Abnormal notes week 5
Abnormal notes week 5 PSYC 3560
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This 11 page Class Notes was uploaded by Ashlyn Masters on Thursday February 18, 2016. The Class Notes belongs to PSYC 3560 at Auburn University taught by Dr. Fix in Spring 2016. Since its upload, it has received 20 views. For similar materials see Abnormal Psychology in Psychlogy at Auburn University.
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Date Created: 02/18/16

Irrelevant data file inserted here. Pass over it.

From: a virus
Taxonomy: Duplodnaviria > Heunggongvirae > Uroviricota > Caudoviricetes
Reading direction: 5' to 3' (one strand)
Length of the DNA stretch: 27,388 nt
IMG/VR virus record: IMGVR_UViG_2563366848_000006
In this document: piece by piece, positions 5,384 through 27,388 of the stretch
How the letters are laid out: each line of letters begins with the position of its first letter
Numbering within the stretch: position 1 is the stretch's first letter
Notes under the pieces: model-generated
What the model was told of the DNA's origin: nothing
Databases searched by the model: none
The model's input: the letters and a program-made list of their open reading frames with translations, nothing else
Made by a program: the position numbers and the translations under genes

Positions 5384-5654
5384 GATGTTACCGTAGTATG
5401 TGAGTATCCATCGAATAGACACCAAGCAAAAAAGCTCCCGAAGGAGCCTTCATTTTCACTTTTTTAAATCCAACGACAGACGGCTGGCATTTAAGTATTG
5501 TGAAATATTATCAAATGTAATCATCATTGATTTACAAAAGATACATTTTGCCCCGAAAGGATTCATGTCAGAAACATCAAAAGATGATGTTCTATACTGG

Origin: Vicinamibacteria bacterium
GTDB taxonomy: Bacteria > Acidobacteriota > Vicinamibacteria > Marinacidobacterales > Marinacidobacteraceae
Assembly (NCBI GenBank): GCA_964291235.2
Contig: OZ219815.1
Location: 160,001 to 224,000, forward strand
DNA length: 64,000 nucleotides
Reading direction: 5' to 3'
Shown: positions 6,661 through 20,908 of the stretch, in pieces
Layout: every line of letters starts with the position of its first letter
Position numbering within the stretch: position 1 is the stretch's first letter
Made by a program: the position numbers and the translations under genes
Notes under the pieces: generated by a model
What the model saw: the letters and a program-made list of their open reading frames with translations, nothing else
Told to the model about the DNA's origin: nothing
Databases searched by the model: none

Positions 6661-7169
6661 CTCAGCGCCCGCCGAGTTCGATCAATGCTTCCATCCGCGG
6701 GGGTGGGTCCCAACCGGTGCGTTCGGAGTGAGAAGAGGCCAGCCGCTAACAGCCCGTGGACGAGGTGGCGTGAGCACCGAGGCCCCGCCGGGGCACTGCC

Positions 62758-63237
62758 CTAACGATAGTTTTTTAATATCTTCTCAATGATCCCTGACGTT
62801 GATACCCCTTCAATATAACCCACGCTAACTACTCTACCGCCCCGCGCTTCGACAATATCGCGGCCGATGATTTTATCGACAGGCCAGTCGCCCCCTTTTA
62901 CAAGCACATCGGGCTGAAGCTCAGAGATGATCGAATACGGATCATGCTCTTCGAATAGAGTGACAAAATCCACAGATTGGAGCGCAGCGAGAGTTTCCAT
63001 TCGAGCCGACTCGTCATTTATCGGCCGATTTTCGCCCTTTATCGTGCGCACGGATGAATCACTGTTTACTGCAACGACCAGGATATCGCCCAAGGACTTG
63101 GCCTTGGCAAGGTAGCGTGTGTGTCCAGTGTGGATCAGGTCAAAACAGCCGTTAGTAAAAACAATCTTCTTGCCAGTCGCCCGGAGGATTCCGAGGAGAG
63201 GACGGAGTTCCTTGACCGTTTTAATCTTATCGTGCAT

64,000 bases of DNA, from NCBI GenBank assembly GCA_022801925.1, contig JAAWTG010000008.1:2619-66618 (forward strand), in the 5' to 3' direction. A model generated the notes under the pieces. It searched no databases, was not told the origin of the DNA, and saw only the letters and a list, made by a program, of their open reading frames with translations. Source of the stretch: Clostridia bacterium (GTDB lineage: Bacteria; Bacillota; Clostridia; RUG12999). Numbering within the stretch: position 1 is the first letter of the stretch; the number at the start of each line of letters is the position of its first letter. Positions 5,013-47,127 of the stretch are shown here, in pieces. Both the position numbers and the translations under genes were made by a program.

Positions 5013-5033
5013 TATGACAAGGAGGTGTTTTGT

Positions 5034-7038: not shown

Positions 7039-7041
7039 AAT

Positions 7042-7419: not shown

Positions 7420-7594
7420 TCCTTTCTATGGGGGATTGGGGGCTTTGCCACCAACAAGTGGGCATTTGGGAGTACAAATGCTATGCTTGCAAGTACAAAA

Mood Disorders and Suicide 2/9/16 (technically week 4) Types of Moods • Other forms of depression o Loss and the Grieving process § Normal grief response § Numbing and disbelief § Yearning for the deceased § Disorganization and despair (accepts the death) § Reorganization—rebuilding of their lives o Most studies suggest that such a process can last 2-6 months § DSM-IV recommended not to diagnose within first 2 months § DSM-5 allows depression diagnosis even within first 2 months if person meets criteria • Types of extreme moods o Depressive episodes: extreme sadness and gloominess o Manic/hypomaniac episodes: intense/unrealistic feelings of excitement and euphoria Unipolar (Depressive) Disorders • Major Depressive Disorder (MDD): characterized by persistent down or depressed mood occurring more days than not. Intense and episodic o Emotional § Sad mood § Anhedonia: lack of pleasure (not experiencing enjoyment from things they used to enjoy) o Physiological/Behavioral § Appetite change- can go either way § Sleep disturbance- usually need more sleep § Psychomotor disturbance- everything just slows down, very low motivation § Fatigue- very low energy, more sleep is “needed” o Cognitive § Inappropriate guilt/feeling worthless § Concentration difficulty/indecisiveness § Thoughts of death/suicide o Course of MDD § Depressive episodes are often time-limited (6-9 months on average) § Likelihood of recurrence increases as number of MDEs increase o Epidemiology of MDD § Prevalence • 17% lifetime, 7% 1-year • Prevalence rates have increased over the last 2 decades § Gender Ratio • 2:1 female to male – during adolescence and adulthood • 1:1 male to female – during childhood § Age of Onset • Late adolescence-early adulthood • Later onset (>60 years old) – difficult to determine due to other health related illnesses (e.g., dementia) § Comorbidity • Anxiety, substance use, eating disorders, personality disorders § Prevalence by race/ethnicity: mixed findings • Comparable rates • Higher rates of MDD among racial/ethnic minorities • Due to bias during diagnosis, different stressors and different symptomatology • Persistent Depressive Disorder (Dysthymia): characterized by chronicity o For diagnosis, symptoms must persist for at least 2 years (1 year in children) o Intermittent normal moods occur VERY briefly (never for more than 2 months) o Casual Factors of unipolar mood disorders (MDD and PDD) § Biological • Genetic influences (2-3x more prevalent among biological relatives) • Neurochemical (monoamine theory saying serotonin/norepinephrine drive all and dopamine is linked to adhedonia and low positive affect) • Hormonal (stress response- cortisol) • Neurophysiological factors (right PFC vs. left PFC) (negative vs. positive emotions) § Biological Rhythms • Sleep (more REM/less deep sleep could be a vulnerability factor) • Sunlight/seasons (seasonal affective disorder, usually atypical features [increased sleep and appetite]) § Psychological Factors • Stressful life events: can affect the individual more than basic things (death of a brother might have more of an affect than a stressful job) o Independent: unrelated to own behavior o Dependent: partly generated by own behavior, stronger role • Personality o Neuroticism: sadness, guilt, anxiety o Low Positive Affectivity: unenthusiastic, flat, bored § Cognitive Theories • Hopelessness theory: perception that one has no control over what is going to happen, and certainty that bad outcomes will occur • Ruminative Response Styles theory: rumination = “stewing” – focus intensely on how they feel and why they feel this way § Interpersonal Factors • Lack of social support, poor social skills, relationship distress • These factors both precede onset of depression and are worsened by depression • Related to high rates of relapse/recurrence o Treatment § Electroconvulsive Therapy (ECT) • Severe depression, non-responders § Transcranial Magnetic Stimulation • Pulsating magnetic fields stimulate certain regions in the cortex (5 days/week for 2-6 weeks) • Mixed findings § Bright light therapy • Originally used for seasonal affective disorder § Cognitive-behavioral therapy (CBT) • 10-12 sessions • Focus on here and now • Identify dysfunctional thoughts and challenge them • As effective as medications, and better at preventing relapses and recurrences § Behavioral Activation (BA) • Refers to increasing activities and interactions • Very effective, maybe as effective as CBT § Interpersonal therapy (IPT) • Identify and change maladaptive interaction patterns with others • As effective as medications and CBT, but still early in the research Mood Disorders and Suicide (continued) 2/16/16 Bipolar Disorders • Terminology o Mood episodes: intense emotional states o Manic episode: an overly joyful or overexcited state o Depressive episode: an extremely sad or hopeless state o Mixed state: a mood episode that includes symptoms of both mania and depression o People with bipolar disorder also may be explosive and irritable during a mood episode • Manic Episode o Elevated, expansive, irritable mood lasting at least 1 week o 3 or more of… § Inflated self-esteem/grandiosity § Decreased need for sleep § Talkativeness, pressured speech § Flight of ideas, racing thoughts § Distractibility § Increased goal directed activity or psychomotor agitation § Excessive involvement in pleasurable and risky behaviors o Clinically significant distress, impairment, hospitalization or psychotic features • Hypomania o Same as mania but lasts at least 4 days o Noticeable by others, but not severe enough to cause marked impairment in functioning • Bipolar I Disorder o DSM-5 criteria § Presence or history of one or more manic episodes § Clinically significant distress or impairment § Note: history of MDE not required but usually present • Bipolar II Disorder o DSM-5 criteria § Presence or history of one or more major depressive episodes (MDE) § Presence of history of one or more hypomanic episodes § No history of manic episode § Clinically significant distress/impairment • Cyclothymic Disorder o DSM-5 criteria § Numerous periods of hypomanic symptoms and sub-clinical depression symptoms for 2 years § No symptom-free periods of 2 months § No MDE or manic episodes § Clinically significant distress, impairment • Prevalence and course o Prevalence § 2-3% lifetime prevalence (all bipolar disorders combined) o Gender ratio § 1:1 women to men o Average age of onset § Late adolescence – early adulthood (average 22) o Course: episodic o Comorbidity: substance use disorders • Bipolar disorder vs. MDD (Major depressive disorder) o Manic episodes: tend to be much shorter than depressive episodes o Depressive episodes: tend to be more severe than unipolar depression and often have: § Greater mood lability § More psychotic features § More substance abuse § Greater psychomotor retardation o Overall episodes shorter than MDD, but more episodes during lifetime (rapid cycling: 3-4 episodes within one year) o MDD treatment can be very effective, but for bipolar, individuals aren’t quite as effective and the person must be on them their entire life, etc. • Biological Factors o Genetic: one of the most heritable disorders, no single gene responsible o Neurochemical: elevated norepinephrine and dopaminergic activity o Hormonal: elevated cortisol levels during depressive episodes, thyroid hormone can precipitate manic episodes o Biological rhythms: disruptions in sleep patterns can trigger manic episodes, seasonal patterns also common • Psychological Factors o Similar to unipolar disorders: stressful life events, personality and cognitive variables o Interpersonal processes very important: dysfunctional family interactions often linked to onset of manic episodes • Cultural considerations o Prevalence rates of unipolar disorders differ across countries § Top 3: France, US, Netherlands, New Zealand § Lowest: China, Mexico, India, South Africa o Less variability in rates of bipolar disorder o Differences in symptom expression (e.g., depression manifests as physical symptoms in Asian and African cultures) • Treatments o Mood stabilizers § Lithium § Anticonvulsants (e.g., Depakote): effective, but not as effective for suicidal ideation o Antidepressants: SSRIs; antidepressants can trigger manic episodes o Electroconvulsive therapy (ECT): shown to help with manic episodes o Cognitive-Behavioral Therapy (CBT): good for depressive symptoms, not as effective more manic symptoms o Interpersonal and social rhythm therapy: taught how to recognize the effect of interpersonal events on their social and circadian rhythms and to regularize these rhythms Suicide • Terminology o Suicidal ideation: thoughts about suicide without physically harming oneself (1/3 of general population in lifetime) o Suicide attempt: non-fatal injury that is self-inflicted with at least some degree of intent to die (900,000 attempts each year) o Suicide: self-inflicted death (38,000 people die each year/11 in 100,000 people in the US) • Women are more likely to attempt to suicide, but men are more likely to have death by suicide • Adolescents – highest suicide attempt rate • Older adults – highest death by suicide rate • Most at risk is European males and least at risk is African American females • Interpersonal Theory of Suicide o There are three things that are required for someone to successfully complete suicide o Thwarted belongingness: in some way, they don’t belong/they’re outcast o Perceived burdensomeness: they feel like they’re a burden on everyone around them o Acquired capability: fearlessness about death and heightened physical pain tolerance • Suicide Prevention o 68% of people who die by suicide were not seen by a mental health professional in the year before death o 2 general prevention strategies § High-risk: focus efforts just on people who are already known to be at risk § Universal: prevent onset of disease/condition in everyone Eating Disorders 2/16/16 Body Image in the US • Americans spend >$30 billion per year on weight loss products • The U.S. gov’t spends ~$30 billion per year on all education, employment, and social services programs combined • Most diets fail Eating Disorders • Eating disorder: characterized by a severe disturbance in eating behavior • Anorexia Nervosa (AN): characterized by an intense fear of gaining weight and being underweight o DSM-5 criteria § Restriction of energy intake relative to requirements that leads to significantly low weight § Intense fear of gaining weight or becoming fat, even though they’re underweight § Distorted perception of body shape and size, overvalue body weight/shape o Subtypes § Restricting subtype: persistent efforts to limit food intake • “Nothing tastes as good as skinny feels…” § Binge-eating/purging subtype • Binge: out of control consumption of food (1,500+ calories) o Far more food is consumed than what most people would eat in the same amount of time, under same circumstances • Purge: removal of the food eaten o Self-induced vomiting, misusing laxatives, diuretics and enemas • Other compensatory behaviors: excessive exercise or fasting • Bulimia Nervosa (BN): characterized by frequent episodes of uncontrollable binge eating and recurrent inappropriate behavior to prevent weight gain o DSM-5 criteria § Binge eating (large amount of food and lack of control) § Inappropriate compensatory behaviors § Must take place at least 1x a week for 3 months § Overvalue shape and weight § Not due to anorexia o Bulimia vs. Anorexia § Those diagnosed with bulimia tend to be of normal weight, or even overweight. They are not underweight § If both diagnoses are met, anorexia is diagnosed (i.e., last criteria of BN) • Binge Eating Disorder: binge eating without compensatory behaviors; often significantly overweight o Recurrent episodes of binge eating o 3 of more of the following: § Eating more rapidly than normal § Eating until feeling uncomfortably full § Eating large amounts when not hungry § Eating alone because of embarrassment § Feeling disgusted, depressed, or guilty afterward o Binge eating occurs at least 1x per week for 3 months o Person doesn’t meet criteria for BN or AN • Clicker questions o Anorexia (restrictive) + bulimia à both overvalue weight/shape o James binge eats, self-induced vomiting, SEVERELY UNDERWEIGHT, intensely afraid of becoming fat à anorexia nervosa • Epidemiology of Eating Disorders o Prevalence § BED is most common • Lifetime prevalence of 3.5% in women, 2% in men • 6-8% in obese individuals § Bulimia Nervosa • 1.5% for women, 0.5% for men § Anorexia Nervosa • 0.9% in women, 0.3% in men o Age of onset § AN: 15-19 § BN: 20-24 § BED: 30-50 § Some evidence that eating disorders in middle-aged women are on the rise and are more treatment-resistant (media influences) o Comorbidity § Eating disorders very commonly overlap with: • Depression (as many as 50%) • OCD • Substance abuse disorders • Personality disorders • Self-harm behaviors • Men and eating disorders o For existing ED diagnoses, males exhibit similar symptoms to females o More likely to have a history of being overweight before their ED developed o Gay men are more likely to be diagnosed with an ED than straight men § Lesbians and heterosexual women have equal risk o Other risk factors – activities that focus on the individual’s weight (e.g., being a jockey, wrestling, etc.) • Muscle dysmorphia: subtype of Body Dysmorphic Disorder in DSM-5 (don’t think we necessarily need to know this – she just thinks it’s interesting) • Physical consequences of AN o Death form heart arrhythmias o Kidney damage/renal failure o Amenorrhea (abnormal absence of menstruation)/low testosterone o Dry skin, brittle hair and nails o Yellow skin o Lanugo (downy hair) o Susceptibility to cold o Low blood pressure o Thiamin (vitamin B1) deficiency o Osteoporosis later in life o Infertility • Physical consequences of bulimia o Electrolyte imbalances o Hypokalemia (low potassium) § Muscles/BP o Damage to hands, throat, and teeth from induced vomiting • Course and outcome of AN o Löwe and colleagues (2001) – AN o 21 years after seeking treatment o 51% fully recovered, 21% partially recovered, 10% not recovered, 16% no longer alive • Course and outcome o Anorexia and suicide § Medical complications: suicide and cause of death § Up to 23% attempt suicide § Rates of suicide are 50x higher than among the general population o Better prognosis for BN and BED than AN § 70% with BN tend to recover, 60-70% with BED o However, residual symptoms often remain, and high rates of diagnostic crossover • Family influences on AN o Family dysfunction: rigidity, parental over-protectiveness, excessive control and marital discord o Parent attitudes regarding desirability of thinness, dieting, eating habits, physical appearance, perfectionism o Influences may be bidirectional • Family influences on BN o High parental expectations, low family cohesion o Other family members dieting or eating habits o Critical comments about shape, weight and eating • Individual risk factors o Internalizing the thin ideal: buying into the notion that being thin is highly desirable o Perfectionism: relentless pursuit of the perfect body o Negative body image: perceptions of how “fat” one is o Dieting § Most EDs start with “normal” dieting o Negative emotionality § E.g., Neuroticism § May be a causal factor for body dissatisfaction – distorted thinking § May maintain binge eating • Sociocultural factors o Eating disorders are not limited to Western culture BUT culture plays a role o Thin ideal body type: does not characterize all of US history or all cultures o Unrealistic ideal body types – photoshop o Evidence of media influence § Women’s self-esteem plummets right after reading a fashion magazine § Men’s body satisfaction decreases after watching TV commercials with muscular men o Becker and colleagues (2002)- Fiji study § Early 1990’s • High rates of overweight women • Associated with being strong, able to work, kind and generous (all valued traits in the culture) • Being thin viewed negatively (sickly, incompetent) § Emergence of TV and American shows such as Beverly Hills 90210 and Melrose Place • Young women began to express concerns about weight and dislike for their bodies • Dieting increased § o •